Conditional formatting allows you to apply specific formatting to cells or rows that meet certain criteria. It can be used to highlight cells that satisfy a certain rule or to apply a color scale to your columns.
The table widget is equipped with two types of Conditional Formatting:
Single Color: Pick a color and set up rule(s), cells/rows matching the rules will be highlighted with your picked color.
Color Scale: Pick a color gradient and a column to highlight values in the column according to a customizable range.
To get started, you can click on the Conditional Formatting button available in the table widget.
The Conditional Formatting window will give you a couple of options, you can either start creating your rule from the scratch by clicking on the + New Rule button or you can pick one of the predefined rules available on the right-hand side of the window.
Start with a predefined rule is a great way to understand how rules are structured. Feel free to pick one of the rules and tweak the rule according to your conditions.
To highlight how Conditional Formatting rules can be set up, we'll be taking a couple of use cases where this feature might come in handy.
Case 1: Highlighting Channels that are projected to overshoot the budget
Setting up a Conditional Formatting rule takes 4 small steps. To highlight marketing channels where Projected Spend is greater than Budget, here's what you need to do:
In Color Type, pick Single Color. Single Color rules are helpful in finding anomalies or highlighting certain values.
In step 2, you can either choose a column or the entire row. Since we want to highlight the marketing channels, we are picking 'Entire Row' as the option here, you can pick any of the columns available in your table.
Here you've got to select your color. This color will be used to highlight the rows/cells that match the condition you'll set up in step 4. You can either pick one of the presets or add your own hex code to get a color of your choice.
This is where you define the condition. Since we want to highlight channels where projected spend is greater than budget, we'll define a condition for it as shown in the image.
For every projection metric in your table, you'll see one metric with the suffix -proj and another without proj. You can use the first one when you want to use the projected value and the latter one when you want to use the actual value.
Once you click on apply, you'll find the rows containing channels that are overshooting the budget being highlighted by the color you picked. You can use the 'eye' button to quickly view your table without exiting the conditional formatting window.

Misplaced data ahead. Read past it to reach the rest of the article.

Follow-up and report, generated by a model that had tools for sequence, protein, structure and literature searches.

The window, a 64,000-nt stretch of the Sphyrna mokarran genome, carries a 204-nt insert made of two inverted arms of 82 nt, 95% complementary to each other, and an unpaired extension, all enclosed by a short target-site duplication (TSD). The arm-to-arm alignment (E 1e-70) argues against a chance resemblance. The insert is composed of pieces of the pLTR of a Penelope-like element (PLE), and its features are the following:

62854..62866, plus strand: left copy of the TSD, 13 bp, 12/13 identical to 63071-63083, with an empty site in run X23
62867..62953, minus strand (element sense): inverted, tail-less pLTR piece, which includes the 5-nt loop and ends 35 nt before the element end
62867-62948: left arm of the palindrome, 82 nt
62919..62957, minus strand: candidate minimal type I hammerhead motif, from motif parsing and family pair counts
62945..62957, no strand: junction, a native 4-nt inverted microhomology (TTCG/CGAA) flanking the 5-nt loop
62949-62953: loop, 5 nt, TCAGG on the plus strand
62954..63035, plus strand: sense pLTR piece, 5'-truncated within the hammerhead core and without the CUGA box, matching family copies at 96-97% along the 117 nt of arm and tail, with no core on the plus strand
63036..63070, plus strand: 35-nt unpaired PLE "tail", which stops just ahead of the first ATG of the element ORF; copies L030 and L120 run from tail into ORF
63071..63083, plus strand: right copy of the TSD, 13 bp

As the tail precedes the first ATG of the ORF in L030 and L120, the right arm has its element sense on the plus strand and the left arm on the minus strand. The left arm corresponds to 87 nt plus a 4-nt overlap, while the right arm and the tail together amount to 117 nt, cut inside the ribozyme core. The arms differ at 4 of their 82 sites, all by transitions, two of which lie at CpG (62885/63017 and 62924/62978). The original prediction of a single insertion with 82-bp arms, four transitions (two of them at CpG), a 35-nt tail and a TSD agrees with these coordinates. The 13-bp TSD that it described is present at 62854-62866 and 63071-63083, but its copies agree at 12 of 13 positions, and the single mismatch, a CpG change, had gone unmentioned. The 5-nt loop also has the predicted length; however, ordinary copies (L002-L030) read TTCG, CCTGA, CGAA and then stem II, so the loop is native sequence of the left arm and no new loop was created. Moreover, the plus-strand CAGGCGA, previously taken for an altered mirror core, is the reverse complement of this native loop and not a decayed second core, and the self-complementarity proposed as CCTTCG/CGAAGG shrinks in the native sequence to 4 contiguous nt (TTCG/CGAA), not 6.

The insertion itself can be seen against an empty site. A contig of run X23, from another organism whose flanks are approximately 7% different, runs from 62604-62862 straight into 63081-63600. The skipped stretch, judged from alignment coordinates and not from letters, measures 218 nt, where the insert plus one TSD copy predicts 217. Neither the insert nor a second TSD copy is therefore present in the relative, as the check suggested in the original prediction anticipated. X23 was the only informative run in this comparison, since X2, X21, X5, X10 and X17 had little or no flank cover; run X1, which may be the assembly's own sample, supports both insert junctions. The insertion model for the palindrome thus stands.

Case 2: Highlighting Campaign performance by adding color scale on CPC.
Going over the steps again:
In color type, select the 'Color Scale' option.
Here, you can pick the column you want the color scale to be implemented on. Color Scales are not applicable on rows.
Pick one of the color gradients. You can also pick a gradient and reverse it by clicking on the button to the side.
Here you define the range for your color scale. By default, min and max values from the table are used. You can also define a Number or Percentage for your min and max. Anything below/above that number or percentage will be highlighted with the color for your extremes.
And that's it, clicking on 'Apply' will highlight the cell values in your column according to the gradient selected.
Case 3: Finding Creatives with CTR Lower than X when spend is greater than X
This is a great case for using Conditional Formatting. When doing creative analysis, you can easily highlight the creatives that aren't performing as well as expected.
Setting this condition up will be similar to case 1:
Pick 'Single Color' to highlight only those cells that match the condition.
Here, we'll highlight cells instead of rows. Picking FB: CTR column to highlight Cells with CTR that matches the condition.
Pick a color of your choice. (Since we are highlighting underperforming creatives, red makes the most sense. 👀 )
Breaking down our condition to rules. We want creatives who got the most spend and have relatively low CTR. We will set up two rules and combine them using the 'AND' operator, as shown in the image.
And that's how you can find those creatives that probably need to get out of your rotation.
Order of Rules:
You can switch the order of rules by dragging and dropping them. The order of rules defines their precedence. If you've two rules applied on the same column and if there's an overlap, the rule on the top will hold the precedence.
And that's it. You can define rules however you want to so feel free to play around and add colors to your tables with Conditional Formatting!